2. Split within feminism over Reconstruction amendments
  5. Radical Reconstruction in the South
    1. Black initiatives
      1. Mass public gatherings
      2. Grassroots protests against segregation
      3. Labor strikes
      4. Political mobilization
      5. Forming of local Republican organizations
        1. Union League
        2. Voter registration
    2. Reconstructed state governments
      1. Composition
        1. Predominance of Republicans
        2. Black Republicans
          1. Officeholding at federal, state, and local levels
          2. Varied backgrounds
        3. White Republicans
          1. Carpetbaggers
          2. Scalawags
          3. Varied motivations of each
      2. Achievements
        1. Public education
        2. Affirmation of civil and political equality
        3. More equal allocation of public services and resources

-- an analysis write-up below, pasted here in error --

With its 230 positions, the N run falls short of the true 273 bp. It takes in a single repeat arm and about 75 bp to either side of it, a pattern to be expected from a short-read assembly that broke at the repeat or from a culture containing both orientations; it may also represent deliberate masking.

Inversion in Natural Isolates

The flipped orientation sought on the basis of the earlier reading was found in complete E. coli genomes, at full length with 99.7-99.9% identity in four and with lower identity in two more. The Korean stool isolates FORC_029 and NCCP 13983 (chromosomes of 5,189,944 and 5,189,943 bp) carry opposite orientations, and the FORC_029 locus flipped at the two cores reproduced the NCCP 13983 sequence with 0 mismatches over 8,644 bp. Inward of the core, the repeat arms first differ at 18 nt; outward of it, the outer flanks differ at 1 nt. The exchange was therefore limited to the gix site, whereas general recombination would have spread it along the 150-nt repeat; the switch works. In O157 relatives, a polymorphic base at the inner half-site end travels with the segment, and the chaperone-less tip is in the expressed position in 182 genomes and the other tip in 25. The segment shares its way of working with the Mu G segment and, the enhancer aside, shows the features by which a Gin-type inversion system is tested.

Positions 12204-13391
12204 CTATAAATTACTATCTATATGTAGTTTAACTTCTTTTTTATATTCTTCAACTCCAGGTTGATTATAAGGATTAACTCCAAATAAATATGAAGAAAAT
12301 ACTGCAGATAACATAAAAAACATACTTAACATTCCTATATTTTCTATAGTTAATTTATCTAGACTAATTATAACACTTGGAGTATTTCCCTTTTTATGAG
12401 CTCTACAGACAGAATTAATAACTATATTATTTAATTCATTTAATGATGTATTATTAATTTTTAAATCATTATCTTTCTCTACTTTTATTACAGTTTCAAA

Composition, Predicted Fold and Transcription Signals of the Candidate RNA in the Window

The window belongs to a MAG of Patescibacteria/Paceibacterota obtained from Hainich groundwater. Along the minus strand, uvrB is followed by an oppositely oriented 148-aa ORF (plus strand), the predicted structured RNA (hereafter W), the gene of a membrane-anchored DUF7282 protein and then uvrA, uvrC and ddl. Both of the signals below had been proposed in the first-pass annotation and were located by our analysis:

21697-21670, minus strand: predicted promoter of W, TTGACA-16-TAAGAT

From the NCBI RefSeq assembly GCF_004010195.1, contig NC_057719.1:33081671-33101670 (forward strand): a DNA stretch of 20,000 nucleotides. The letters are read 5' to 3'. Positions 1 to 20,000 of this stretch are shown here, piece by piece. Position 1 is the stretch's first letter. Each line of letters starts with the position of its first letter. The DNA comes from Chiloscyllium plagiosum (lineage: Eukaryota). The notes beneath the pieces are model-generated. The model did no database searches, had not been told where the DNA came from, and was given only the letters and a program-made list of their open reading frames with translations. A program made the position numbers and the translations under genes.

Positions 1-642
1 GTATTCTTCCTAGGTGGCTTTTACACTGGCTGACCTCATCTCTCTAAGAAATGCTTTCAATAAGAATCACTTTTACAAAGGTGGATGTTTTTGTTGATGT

4. Measures to protect free labor
        5. Fairer system of justice
        6. Improvement in public facilities
      3. Shortcomings
        1. Uneven enforcement of laws
        2. Economic stagnation
        3. Persistence of black poverty
  6. Overthrow of Reconstruction
    1. Southern white opposition
      1. Grievances expressed
        1. Corruption
        2. Incompetence
        3. High taxes
        4. Black supremacy
      2. Underlying motivations
        1. Antipathy for racial equality
        2. Desire for controllable labor
      3. Reign of Terror
        1. Against any perceived threat to white supremacy
        2. Against Republicans, black and white
        3. Ku Klux Klan and other secret societies
    2. Northern response
      1. Measures to protect blacks' rights
        1. Enforcement Acts of 1870 and 1871
        2. Civil Rights Act of 1875
      2. North's retreat from Reconstruction
        1. Liberal Republicans; Horace Greeley
        2. Resurgence of northern racism
        3. Economic depression
        4. Supreme Court decisions
          1. Slaughterhouse Cases
          2. U.S. v. Cruikshank
    3. Death throes of Reconstruction
      1. 1874 Democratic gains in South; "Redeemers"
      2. Resurgence of terror
      3. Rise of electoral fraud
      4. Election of 1876 and Bargain of 1877
      5. The end of Reconstruction